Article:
MANITOU SPRINGS, Colo. - Following a burst of heavy rain over the Waldo Canyon burn scar, a new round of flood waters rushed down into parts of Manitou Springs on Monday.
According to the National Weather Service in Pueblo, 0.43 inches fell in less than 20 minutes. Shortly thereafter, 7NEWS reporter Molly Hendrickson saw brown waters flooding city streets and the Colorado Springs Fire Department reported that the flow of Fountain Creek had doubled.
U.S. 24 was closed in both directions near Manitou Springs at 2:40 p.m. because of flooding. It reopened around 4:30 p.m., when the threat of flooding had subsided.
A flash flood warning was issued for the area earlier by the National Weather Service, covering both the Waldo Canyon and Black Forest burn scars. The warning expired by 4:15 p.m. but a flash flood watch covers the area until 3 a.m. Tuesday.
The watch cited saturated, unstable soils and the potential for heavy rainfall as potential causes of more flash flooding. That rain is possible throughout the afternoon and evening.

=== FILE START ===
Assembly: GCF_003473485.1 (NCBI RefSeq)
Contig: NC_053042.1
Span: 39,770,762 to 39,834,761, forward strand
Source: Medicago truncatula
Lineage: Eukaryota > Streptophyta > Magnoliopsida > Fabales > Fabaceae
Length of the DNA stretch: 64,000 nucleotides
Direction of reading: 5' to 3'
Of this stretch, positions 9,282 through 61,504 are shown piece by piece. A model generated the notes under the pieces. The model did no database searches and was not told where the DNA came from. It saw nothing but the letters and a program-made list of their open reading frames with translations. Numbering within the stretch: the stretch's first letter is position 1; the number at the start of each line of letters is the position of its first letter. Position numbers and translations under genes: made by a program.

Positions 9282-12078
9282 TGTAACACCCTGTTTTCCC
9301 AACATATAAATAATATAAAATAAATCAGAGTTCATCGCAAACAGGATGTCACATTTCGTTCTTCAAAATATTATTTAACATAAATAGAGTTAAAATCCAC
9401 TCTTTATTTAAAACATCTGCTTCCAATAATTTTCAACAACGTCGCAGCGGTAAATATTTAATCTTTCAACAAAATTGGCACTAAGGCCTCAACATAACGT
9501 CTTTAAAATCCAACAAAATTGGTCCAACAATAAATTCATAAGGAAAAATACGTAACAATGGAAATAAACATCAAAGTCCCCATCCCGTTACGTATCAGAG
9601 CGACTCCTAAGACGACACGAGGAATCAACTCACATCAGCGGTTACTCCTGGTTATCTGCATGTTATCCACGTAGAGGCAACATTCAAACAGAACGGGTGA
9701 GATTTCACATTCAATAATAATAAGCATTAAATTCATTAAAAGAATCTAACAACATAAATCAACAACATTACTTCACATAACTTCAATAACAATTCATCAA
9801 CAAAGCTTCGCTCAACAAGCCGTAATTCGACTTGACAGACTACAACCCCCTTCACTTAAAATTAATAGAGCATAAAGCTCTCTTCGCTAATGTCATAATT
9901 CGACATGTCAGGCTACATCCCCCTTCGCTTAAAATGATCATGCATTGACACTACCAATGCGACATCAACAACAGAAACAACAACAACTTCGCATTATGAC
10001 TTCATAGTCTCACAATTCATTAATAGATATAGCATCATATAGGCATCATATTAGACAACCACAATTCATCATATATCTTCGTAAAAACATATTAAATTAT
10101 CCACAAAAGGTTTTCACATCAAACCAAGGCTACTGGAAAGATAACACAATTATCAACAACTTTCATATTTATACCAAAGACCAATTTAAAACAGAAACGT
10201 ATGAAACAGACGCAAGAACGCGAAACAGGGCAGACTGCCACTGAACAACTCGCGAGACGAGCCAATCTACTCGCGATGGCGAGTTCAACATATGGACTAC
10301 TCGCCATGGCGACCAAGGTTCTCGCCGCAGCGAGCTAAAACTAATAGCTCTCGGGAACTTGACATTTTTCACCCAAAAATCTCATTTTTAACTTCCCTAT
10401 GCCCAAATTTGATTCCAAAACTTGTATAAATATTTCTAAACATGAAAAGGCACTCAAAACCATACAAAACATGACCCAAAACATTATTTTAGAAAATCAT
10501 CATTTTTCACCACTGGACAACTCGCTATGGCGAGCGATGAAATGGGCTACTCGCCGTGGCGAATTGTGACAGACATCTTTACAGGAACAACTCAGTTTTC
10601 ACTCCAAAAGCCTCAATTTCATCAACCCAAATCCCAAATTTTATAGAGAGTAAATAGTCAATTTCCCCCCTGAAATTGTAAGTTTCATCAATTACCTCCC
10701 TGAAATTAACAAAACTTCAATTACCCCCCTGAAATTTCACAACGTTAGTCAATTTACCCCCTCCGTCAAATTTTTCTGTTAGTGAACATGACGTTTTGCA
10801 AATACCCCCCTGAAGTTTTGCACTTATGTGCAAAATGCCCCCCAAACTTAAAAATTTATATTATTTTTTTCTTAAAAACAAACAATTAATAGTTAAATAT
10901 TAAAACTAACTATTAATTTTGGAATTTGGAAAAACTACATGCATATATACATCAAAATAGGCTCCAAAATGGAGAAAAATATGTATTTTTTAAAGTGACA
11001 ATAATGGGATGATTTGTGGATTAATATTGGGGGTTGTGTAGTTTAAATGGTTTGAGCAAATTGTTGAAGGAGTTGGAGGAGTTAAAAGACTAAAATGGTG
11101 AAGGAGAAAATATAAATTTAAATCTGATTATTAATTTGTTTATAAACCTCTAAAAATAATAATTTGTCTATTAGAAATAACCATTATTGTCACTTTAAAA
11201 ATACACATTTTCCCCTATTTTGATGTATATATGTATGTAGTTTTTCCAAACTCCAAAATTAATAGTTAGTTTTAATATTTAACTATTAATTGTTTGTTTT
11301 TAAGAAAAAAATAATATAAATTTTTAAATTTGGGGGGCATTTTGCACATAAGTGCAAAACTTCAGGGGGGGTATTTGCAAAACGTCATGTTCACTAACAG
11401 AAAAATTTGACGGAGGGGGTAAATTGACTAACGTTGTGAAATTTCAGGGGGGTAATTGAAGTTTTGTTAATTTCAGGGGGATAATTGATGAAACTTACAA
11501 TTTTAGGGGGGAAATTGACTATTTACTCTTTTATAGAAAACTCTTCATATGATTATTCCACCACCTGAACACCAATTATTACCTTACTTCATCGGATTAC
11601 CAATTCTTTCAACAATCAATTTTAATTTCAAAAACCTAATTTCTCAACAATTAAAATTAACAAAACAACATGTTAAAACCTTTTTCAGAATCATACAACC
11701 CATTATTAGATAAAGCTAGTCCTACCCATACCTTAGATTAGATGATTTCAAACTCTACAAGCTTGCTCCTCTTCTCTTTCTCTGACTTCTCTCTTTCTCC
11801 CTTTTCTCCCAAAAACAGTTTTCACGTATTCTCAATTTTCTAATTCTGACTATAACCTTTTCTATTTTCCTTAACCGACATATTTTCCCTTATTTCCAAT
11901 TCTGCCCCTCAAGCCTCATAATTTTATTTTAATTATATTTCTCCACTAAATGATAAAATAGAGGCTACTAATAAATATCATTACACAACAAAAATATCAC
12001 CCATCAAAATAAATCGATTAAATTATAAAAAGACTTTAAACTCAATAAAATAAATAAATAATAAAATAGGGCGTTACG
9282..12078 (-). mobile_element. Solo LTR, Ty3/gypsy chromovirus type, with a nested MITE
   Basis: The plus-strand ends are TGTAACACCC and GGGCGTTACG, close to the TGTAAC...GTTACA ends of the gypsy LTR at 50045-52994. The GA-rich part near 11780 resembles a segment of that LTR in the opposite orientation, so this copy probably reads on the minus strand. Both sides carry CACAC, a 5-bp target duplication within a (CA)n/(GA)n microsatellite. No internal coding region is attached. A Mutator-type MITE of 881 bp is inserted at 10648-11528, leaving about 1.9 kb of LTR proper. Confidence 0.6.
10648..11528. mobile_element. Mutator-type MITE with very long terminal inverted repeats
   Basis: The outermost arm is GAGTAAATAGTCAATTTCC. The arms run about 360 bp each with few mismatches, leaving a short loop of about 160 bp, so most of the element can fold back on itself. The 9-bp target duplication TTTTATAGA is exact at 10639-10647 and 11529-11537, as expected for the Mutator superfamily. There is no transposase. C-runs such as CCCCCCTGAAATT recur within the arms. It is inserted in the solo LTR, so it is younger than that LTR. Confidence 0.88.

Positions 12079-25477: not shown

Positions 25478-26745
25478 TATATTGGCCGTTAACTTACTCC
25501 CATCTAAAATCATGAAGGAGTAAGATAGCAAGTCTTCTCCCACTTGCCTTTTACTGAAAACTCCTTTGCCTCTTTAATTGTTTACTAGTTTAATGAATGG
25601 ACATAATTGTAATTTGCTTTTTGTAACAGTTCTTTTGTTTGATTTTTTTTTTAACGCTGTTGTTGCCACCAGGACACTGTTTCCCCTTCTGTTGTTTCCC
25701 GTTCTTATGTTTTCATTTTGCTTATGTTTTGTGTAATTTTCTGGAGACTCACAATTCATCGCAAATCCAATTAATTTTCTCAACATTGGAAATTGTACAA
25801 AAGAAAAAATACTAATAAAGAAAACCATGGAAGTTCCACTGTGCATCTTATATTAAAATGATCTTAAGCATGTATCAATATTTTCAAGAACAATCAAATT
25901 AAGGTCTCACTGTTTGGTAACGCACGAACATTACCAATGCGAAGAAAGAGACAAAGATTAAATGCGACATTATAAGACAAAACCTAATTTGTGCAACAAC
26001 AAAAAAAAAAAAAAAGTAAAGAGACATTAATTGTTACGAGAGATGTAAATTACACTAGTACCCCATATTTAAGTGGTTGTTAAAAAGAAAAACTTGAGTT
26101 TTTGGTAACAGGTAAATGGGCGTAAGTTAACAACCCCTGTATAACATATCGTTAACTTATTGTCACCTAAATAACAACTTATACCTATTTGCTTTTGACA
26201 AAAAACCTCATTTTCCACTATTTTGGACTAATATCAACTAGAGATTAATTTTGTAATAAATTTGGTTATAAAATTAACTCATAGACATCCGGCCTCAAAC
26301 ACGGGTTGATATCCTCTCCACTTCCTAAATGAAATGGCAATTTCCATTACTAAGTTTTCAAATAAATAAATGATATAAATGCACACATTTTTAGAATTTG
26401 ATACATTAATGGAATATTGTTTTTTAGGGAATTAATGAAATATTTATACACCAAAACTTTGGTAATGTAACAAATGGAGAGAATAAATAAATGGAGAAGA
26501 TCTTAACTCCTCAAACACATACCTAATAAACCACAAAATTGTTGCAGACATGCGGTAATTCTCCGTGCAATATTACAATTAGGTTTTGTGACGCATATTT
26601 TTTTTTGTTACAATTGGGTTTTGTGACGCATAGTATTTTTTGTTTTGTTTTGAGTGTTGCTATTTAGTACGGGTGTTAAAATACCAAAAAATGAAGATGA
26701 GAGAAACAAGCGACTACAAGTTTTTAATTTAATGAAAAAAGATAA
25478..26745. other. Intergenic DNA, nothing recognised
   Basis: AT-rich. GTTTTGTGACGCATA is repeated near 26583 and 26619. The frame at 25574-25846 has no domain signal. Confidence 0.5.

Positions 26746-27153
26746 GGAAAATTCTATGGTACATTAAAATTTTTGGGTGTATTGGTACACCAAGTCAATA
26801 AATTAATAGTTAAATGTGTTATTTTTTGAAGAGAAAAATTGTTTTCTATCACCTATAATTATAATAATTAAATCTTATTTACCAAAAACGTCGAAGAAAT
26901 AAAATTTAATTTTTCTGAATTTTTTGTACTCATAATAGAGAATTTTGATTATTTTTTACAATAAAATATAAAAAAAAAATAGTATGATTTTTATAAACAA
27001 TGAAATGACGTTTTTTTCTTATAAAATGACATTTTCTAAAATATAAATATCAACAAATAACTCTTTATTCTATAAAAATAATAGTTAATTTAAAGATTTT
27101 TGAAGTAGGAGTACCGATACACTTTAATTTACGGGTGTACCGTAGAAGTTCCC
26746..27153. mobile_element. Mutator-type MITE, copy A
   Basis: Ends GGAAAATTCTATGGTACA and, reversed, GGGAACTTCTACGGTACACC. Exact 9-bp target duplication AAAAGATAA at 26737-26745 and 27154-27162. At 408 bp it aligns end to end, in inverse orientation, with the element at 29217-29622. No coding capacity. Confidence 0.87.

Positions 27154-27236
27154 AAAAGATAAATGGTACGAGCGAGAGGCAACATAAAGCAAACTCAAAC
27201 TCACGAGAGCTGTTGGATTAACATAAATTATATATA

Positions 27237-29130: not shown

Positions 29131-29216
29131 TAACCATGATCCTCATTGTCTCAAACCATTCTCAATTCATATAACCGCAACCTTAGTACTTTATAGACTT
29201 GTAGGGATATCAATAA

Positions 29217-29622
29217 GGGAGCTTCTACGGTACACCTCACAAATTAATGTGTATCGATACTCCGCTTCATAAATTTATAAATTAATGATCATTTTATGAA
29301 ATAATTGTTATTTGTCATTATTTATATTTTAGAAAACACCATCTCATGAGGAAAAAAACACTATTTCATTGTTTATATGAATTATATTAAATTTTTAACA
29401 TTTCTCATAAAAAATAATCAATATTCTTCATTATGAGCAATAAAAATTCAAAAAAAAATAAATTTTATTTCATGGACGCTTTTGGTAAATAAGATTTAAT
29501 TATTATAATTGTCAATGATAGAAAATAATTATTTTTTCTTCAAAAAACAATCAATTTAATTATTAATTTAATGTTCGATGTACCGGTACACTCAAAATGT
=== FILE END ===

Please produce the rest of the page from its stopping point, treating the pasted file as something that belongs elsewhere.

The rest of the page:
As the flood waters subsided in Manitou Springs Monday, El Paso County health officials said they are concerned about the presence of tetanus bacteria.
The bacteria can make humans sick with flu-like symptoms, even paralyze muscles. Emergency responders fear the bacteria may have been carried by the flood waters onto city streets where volunteers are working.
"It's in dirt. It's in soils. It's in feces," said Manitou Springs Fire Chief Keith Buckmiller. "We just want to make sure the people helping us don't get hurt," he said.
Volunteers and residents doing clean-up are advised to get vaccinated. A free clinic will be held from 9 a.m. to 2 p.m. Tuesday at the Community Congregational Church at 103 Pawnee Avenue in Manitou Springs. Vaccinations will be provided while they last.
For more information visit www.elpasocountyhealth.org.
The last round of flooding washed torrents of debris and water across Highway 24 and down into Manitou Springs on Friday. One person was killed, at least one home was destroyed and several other properties were damaged.
Steep canyons and the lack of vegetation in the Waldo Canyon Fire burn area directed water, mud and debris into the historic town.
"It's hard for us to get any equipment in there to do any kind of grooving or cutting to create channels that we can channel the water into or catch debris," Manitou Springs Fire chief Keith Buckmiller said.
Buckmiller said crews have been dropping seed on the area for the past year, but it wasn't enough to prevent the recent mudslides.